Government Seeks to Enact Youth and Sports Policies

By Reginald Andrew

Government is moving towards the enactment of youth and sports policies catered to help with the overall youth development and sports on the island.

Youth and Sports Minister Kenson Casimir addressed the matter at a recent media briefing. He said that the issue will be taken up in cabinet meeting next week, and will include a Sports Policy that has been nonexistent in the country.

Contrary to public rumblings about the non-involvement of youth representatives in the discourse, the minister said youth practitioners were involved in the policy’s decision-making process.

He explained that a consultant, the late Henry Charles, liaised with the National Youth Council (NYC) membership and other district youth and sports councils across the island on this pertinent issue.

“What happened is when we came into government we had some challenges with the printing of the policies, and we identified …some typographical errors and errors in language,” he told reporters this week.

Casimir says the young people were again informed of this latter development, and so, “by the time we had done our due diligence, the time frame by which the document was to be identified lapsed and so we went back to the drawing board.”

Recalling the recent establishment of the OECS Youth and Sports Council, he said that the challenges faced by young people from the sub-region are not dissimilar.

“It is incumbent upon the nation to actually identify what the dissimilarities are, what sets them apart from the other territories … and to setup a policy that is guided towards that nation’s development,” the minster noted.

He contends that it is not necessary “to reinvent the wheel” and start from scratch when implementing these policies.

For instance, said Casimir, “Grenada has a very good Sports Policy …in terms of its population, its economy, its people and athletes, and not dissimilar to Saint Lucians.”

Consequently, he added, Saint Lucia is going to assess Grenada’s Sports Policy agenda, and involve local stakeholders such as the St Lucia Olympic Committee (SLOC), sports associations, administrators, PE teachers “and then tweak what is in there to set it apart and make it into Saint Lucia’ s Sports Policy.”

Casimir said this is the gist of what the OECS Youth and Sports Ministers consented to, and “working collaboratively to ensure that we are more efficient and effective with what we are doing, instead of operating in silos.”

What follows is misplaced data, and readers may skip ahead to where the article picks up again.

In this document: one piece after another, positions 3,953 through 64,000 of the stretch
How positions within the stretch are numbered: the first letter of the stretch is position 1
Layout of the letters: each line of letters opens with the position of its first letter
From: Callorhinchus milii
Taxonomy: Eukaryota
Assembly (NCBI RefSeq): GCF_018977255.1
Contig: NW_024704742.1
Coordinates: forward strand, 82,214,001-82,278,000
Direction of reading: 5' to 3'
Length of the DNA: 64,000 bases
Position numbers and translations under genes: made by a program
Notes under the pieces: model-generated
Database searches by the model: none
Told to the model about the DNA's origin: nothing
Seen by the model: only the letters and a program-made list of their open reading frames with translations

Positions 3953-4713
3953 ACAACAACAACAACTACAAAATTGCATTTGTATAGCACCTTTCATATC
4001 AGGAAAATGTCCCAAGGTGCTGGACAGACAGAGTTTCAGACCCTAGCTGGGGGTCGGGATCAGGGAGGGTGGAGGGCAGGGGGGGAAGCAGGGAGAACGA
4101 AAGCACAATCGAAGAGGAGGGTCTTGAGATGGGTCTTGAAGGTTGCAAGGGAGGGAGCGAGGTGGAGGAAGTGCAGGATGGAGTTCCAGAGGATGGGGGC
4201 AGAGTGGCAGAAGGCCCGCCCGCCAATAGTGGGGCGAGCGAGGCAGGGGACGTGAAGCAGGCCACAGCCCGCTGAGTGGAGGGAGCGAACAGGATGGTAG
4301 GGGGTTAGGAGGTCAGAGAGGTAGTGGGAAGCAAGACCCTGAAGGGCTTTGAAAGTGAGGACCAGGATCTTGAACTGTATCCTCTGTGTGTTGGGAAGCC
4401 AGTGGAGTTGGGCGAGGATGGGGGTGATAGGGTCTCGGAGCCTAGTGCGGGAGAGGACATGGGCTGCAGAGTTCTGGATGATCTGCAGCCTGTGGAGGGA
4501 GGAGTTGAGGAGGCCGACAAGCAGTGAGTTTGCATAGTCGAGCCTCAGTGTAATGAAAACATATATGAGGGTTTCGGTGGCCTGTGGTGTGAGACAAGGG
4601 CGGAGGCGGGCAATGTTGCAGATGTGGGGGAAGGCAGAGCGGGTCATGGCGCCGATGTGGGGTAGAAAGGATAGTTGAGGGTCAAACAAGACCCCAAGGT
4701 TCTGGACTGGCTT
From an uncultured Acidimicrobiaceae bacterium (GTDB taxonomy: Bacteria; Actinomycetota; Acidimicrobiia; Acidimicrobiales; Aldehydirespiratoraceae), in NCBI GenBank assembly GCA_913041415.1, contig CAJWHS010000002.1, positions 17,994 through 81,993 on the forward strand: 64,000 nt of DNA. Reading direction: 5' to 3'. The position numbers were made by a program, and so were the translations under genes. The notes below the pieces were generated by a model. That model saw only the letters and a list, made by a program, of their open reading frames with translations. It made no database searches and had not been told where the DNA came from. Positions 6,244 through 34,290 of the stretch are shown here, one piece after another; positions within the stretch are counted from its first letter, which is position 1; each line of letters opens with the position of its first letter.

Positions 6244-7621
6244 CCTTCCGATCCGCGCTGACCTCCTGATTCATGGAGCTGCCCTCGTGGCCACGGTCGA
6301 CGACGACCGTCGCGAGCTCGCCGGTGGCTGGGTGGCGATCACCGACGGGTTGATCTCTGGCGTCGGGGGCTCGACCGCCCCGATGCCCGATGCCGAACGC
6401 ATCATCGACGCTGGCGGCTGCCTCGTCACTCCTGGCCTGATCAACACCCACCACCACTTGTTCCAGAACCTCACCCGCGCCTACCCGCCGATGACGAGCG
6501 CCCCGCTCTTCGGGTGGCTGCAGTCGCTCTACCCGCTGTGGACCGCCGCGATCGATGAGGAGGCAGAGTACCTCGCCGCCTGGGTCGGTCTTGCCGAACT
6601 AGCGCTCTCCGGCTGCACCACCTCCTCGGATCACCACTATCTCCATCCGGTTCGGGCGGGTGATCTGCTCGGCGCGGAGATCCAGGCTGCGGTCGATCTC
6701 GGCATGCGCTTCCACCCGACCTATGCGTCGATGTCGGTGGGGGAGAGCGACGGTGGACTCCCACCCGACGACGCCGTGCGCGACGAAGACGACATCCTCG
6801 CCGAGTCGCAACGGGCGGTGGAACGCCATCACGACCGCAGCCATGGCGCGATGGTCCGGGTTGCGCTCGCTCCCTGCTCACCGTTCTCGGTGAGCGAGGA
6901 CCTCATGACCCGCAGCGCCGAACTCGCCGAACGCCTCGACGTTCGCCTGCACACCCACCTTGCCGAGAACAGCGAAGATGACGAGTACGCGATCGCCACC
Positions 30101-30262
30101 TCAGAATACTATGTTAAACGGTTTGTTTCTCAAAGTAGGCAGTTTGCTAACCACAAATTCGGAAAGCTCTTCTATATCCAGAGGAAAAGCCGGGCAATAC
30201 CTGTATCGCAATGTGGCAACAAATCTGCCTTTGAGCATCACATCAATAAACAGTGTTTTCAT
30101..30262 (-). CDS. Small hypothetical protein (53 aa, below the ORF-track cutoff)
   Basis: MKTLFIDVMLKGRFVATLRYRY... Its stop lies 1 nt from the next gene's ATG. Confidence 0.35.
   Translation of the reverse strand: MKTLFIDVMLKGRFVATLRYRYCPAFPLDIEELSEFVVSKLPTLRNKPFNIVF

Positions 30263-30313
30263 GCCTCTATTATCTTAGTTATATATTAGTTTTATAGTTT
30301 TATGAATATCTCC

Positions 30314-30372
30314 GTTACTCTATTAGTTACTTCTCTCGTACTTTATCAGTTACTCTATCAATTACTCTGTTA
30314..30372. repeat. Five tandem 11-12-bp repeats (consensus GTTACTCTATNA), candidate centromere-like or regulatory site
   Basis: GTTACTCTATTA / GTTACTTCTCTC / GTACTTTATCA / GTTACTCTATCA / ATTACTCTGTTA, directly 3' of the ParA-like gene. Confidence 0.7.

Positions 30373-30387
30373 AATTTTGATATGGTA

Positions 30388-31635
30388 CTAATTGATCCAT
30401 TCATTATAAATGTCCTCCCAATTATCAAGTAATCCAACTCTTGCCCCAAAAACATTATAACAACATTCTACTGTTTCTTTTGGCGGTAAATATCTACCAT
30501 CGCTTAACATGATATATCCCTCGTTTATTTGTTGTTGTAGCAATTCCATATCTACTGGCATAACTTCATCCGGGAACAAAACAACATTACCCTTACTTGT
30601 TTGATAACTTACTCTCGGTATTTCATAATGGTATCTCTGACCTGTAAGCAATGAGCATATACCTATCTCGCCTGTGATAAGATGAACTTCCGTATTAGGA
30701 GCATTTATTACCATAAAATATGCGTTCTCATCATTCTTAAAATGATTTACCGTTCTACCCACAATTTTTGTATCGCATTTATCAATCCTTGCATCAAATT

Moving on, will there be an impetus in facilitating sports development into the schools curricula, citing the emergence of sports professionals, administrators and other technical personnel in that transition?

“It’s a symbiotic kind of relationship, with the PE Teachers Association… closely established with the Ministry of Youth and Sports,” the minister said.

He recalled that during the “glory days” of sports on the island, the Ministry of Youth and Sports operated in tandem with the Ministry of Education.  “Since we’ve had that sort of separation it has been challenging in terms of getting these two ministries to function together,” the minister said. “But we saw that with Island Champs moving over to the weekend, we were able to come together and execute that in the interest of youth and sports development in Saint Lucia.”

Added Casimir: “We also expect that as we move forward with all other developments. Sports development is a pyramid that has the inclusion of all individuals at the bottom of the pyramid, until you get to the top, which (consists of) the Elite Athletes.”

He said schools can be identified to pick student-athletes from the bottom of the pyramid and “putting them in different programmes so they can get to the top.”

He stated that the development in cricket with the ‘Grassroots Programme’ that is in tandem with most schools, and then moving from there to the Under-15 stages “and then these individuals graduate to an Under-19 and then Senior National team.”

Casimir continued, “At the top of that pyramid we have a High-Performance Centre (HPC) where we brought together about 30 of the best cricketers in Saint Lucia in a programme of health, nutrition, physical fitness and the mental capabilities of these individuals.

He asserted: “So, it’s a very strategic way we are developing sports in Saint Lucia, and we are certainly looking to reap those benefits within the next 10 to 20 years.”

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